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Choosing An MBA

Choosing an MBA shouldn’t be too hard! Surely most of them are very similar and it’s the dissertation/major project that is the individual part? This couldn’t be further from the truth.

There are over 150 different MBA programmes which are accredited by AMBA (Association of MBAs) alone, which is the best place to begin your search.

Some of these are specialist MBAs, e.g healthcare but 90% of them are general MBAs, although many of these have a key industry focus and are linked to local industry specialisms.

Banking is an example at the London Business School where as the energy industry has a focus at Warwick Business School.

To decide which MBA to choose you need to review several key attributes of the MBA and then decide which ones fit your requirements and which order you want to prioritise them in.

  • What are the entry requirements for your MBA? Is it just a first degree or equivalent or do you need x number of years of management experience as well?
  • What is the student to staff ratio on your MBA and how does this compare to other MBAs?
  • What level of expertise do your MBA tutors possess and how often will you have access to them in group and one to one sessions?
  • How does your course content keep abreast of current management theory and its application in the workplace?
  • How is the course content monitored and evaluated to ensure it’s of a high quality?
  • Who are the MBA alumni network and how, when and where does the network communicate? This is important if you want to develop your network of contacts to progress your career
  • Where does the MBA sit in league tables (please be aware that league tables can be based on all MBAs at a business school and not broken down by individual courses)

Once you’ve answered the above questions, you should have a much clearer idea of which MBA you want to choose.

It’s now time to start thinking about whether you want to study full or part-time and where you want to study.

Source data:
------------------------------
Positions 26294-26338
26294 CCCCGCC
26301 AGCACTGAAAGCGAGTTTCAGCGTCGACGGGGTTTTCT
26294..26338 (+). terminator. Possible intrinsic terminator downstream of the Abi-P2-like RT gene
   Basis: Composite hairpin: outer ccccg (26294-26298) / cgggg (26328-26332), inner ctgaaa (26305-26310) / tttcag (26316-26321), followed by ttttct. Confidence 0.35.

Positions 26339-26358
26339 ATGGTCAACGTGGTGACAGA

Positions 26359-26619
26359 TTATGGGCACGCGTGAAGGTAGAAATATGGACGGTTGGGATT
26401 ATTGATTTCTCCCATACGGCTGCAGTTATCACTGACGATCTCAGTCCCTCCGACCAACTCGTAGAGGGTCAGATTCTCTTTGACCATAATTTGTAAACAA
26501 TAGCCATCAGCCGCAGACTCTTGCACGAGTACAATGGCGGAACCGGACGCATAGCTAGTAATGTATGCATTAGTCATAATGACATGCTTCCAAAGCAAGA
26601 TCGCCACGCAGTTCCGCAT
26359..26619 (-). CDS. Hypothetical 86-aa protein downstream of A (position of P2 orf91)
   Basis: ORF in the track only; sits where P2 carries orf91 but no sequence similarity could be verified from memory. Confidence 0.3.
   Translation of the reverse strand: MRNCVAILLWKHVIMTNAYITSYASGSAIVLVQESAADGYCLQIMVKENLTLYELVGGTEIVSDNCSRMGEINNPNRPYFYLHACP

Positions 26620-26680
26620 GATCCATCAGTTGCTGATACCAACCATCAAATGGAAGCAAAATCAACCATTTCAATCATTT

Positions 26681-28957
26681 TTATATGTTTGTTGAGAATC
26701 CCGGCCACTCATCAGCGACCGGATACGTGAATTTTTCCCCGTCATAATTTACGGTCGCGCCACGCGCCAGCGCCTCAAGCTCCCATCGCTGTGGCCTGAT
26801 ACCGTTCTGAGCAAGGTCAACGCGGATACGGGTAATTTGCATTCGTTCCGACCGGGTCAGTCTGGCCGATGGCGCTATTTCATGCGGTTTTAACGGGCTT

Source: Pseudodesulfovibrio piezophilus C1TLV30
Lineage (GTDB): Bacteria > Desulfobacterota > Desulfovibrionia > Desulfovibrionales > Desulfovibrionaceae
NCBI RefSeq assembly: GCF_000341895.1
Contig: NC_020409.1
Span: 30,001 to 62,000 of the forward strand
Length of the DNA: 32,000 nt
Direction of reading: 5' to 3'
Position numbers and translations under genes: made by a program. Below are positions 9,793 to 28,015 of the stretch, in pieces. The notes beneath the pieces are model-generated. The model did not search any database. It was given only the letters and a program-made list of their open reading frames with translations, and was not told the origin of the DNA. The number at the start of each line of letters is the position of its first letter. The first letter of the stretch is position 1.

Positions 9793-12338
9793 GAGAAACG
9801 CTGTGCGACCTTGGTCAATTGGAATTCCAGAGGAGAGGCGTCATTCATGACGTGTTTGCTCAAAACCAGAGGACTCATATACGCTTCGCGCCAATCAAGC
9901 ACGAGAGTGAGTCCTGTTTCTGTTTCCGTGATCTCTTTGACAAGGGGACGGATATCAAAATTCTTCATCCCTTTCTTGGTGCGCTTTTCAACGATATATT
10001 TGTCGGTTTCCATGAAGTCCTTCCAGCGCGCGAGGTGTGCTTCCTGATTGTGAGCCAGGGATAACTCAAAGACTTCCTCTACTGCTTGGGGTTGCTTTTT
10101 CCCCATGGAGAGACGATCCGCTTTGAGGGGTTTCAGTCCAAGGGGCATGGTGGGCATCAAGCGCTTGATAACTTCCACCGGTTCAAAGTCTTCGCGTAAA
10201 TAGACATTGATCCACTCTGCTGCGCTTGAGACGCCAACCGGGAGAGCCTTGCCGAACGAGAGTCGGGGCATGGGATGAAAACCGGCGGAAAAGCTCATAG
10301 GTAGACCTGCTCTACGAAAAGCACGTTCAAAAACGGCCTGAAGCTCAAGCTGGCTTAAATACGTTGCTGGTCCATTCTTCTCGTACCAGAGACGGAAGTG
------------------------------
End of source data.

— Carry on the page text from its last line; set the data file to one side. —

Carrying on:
There are a few different options. This will depend on what your key motivations are for wanting to study an MBA as well as your personal circumstances. Are you hoping to progress your career and need the MBA for promotion? Are you looking to change career into a new industry or do you want to move into a specialist job role within your industry?

Your personal circumstances, including being single with few commitments, being a parent of small children, caring for elderly parents, or seeking travel opportunities for your work and social life can also impact both the time you have available to study each week and where you study.

Most business schools will offer both full-time and part-time MBAs (although the times will differ enormously with evenings, weekends etc.).

However, you may also wish to consider distance and online learning MBAs where the need to physical travel to a location is only needed very infrequently or not at all. This may suit your lifestyle enormously but you should also consider that this may limit your access to dedicated MBA centres within business schools.

These can comprise of high tech base rooms, internet cafes, specialist seminar rooms and breakout/chill out areas etc. It’s wise not to underestimate the need for face to face contacts and networks.

Some of the larger business schools also offer the opportunity for you to study your MBA at any of their centres which can be across the UK, in Europe or the Far East, giving a global perspective to your MBA.

Lastly, once you’ve decided which MBA you want to study, please have a couple of back up ones ready as well, in case your first choice has been over-subscribed, as the popular ones can be.

It’s worth bearing in mind that if your MBA fees seem quite daunting that there are grants and scholarships to help you pay for your MBA. In addition, it’s a great idea to talk to your employer about whether they will sponsor your MBA.

The choices for your MBA are very wide ranging but with research, planning and asking the right questions, finding your perfect MBA can be easier than you thought.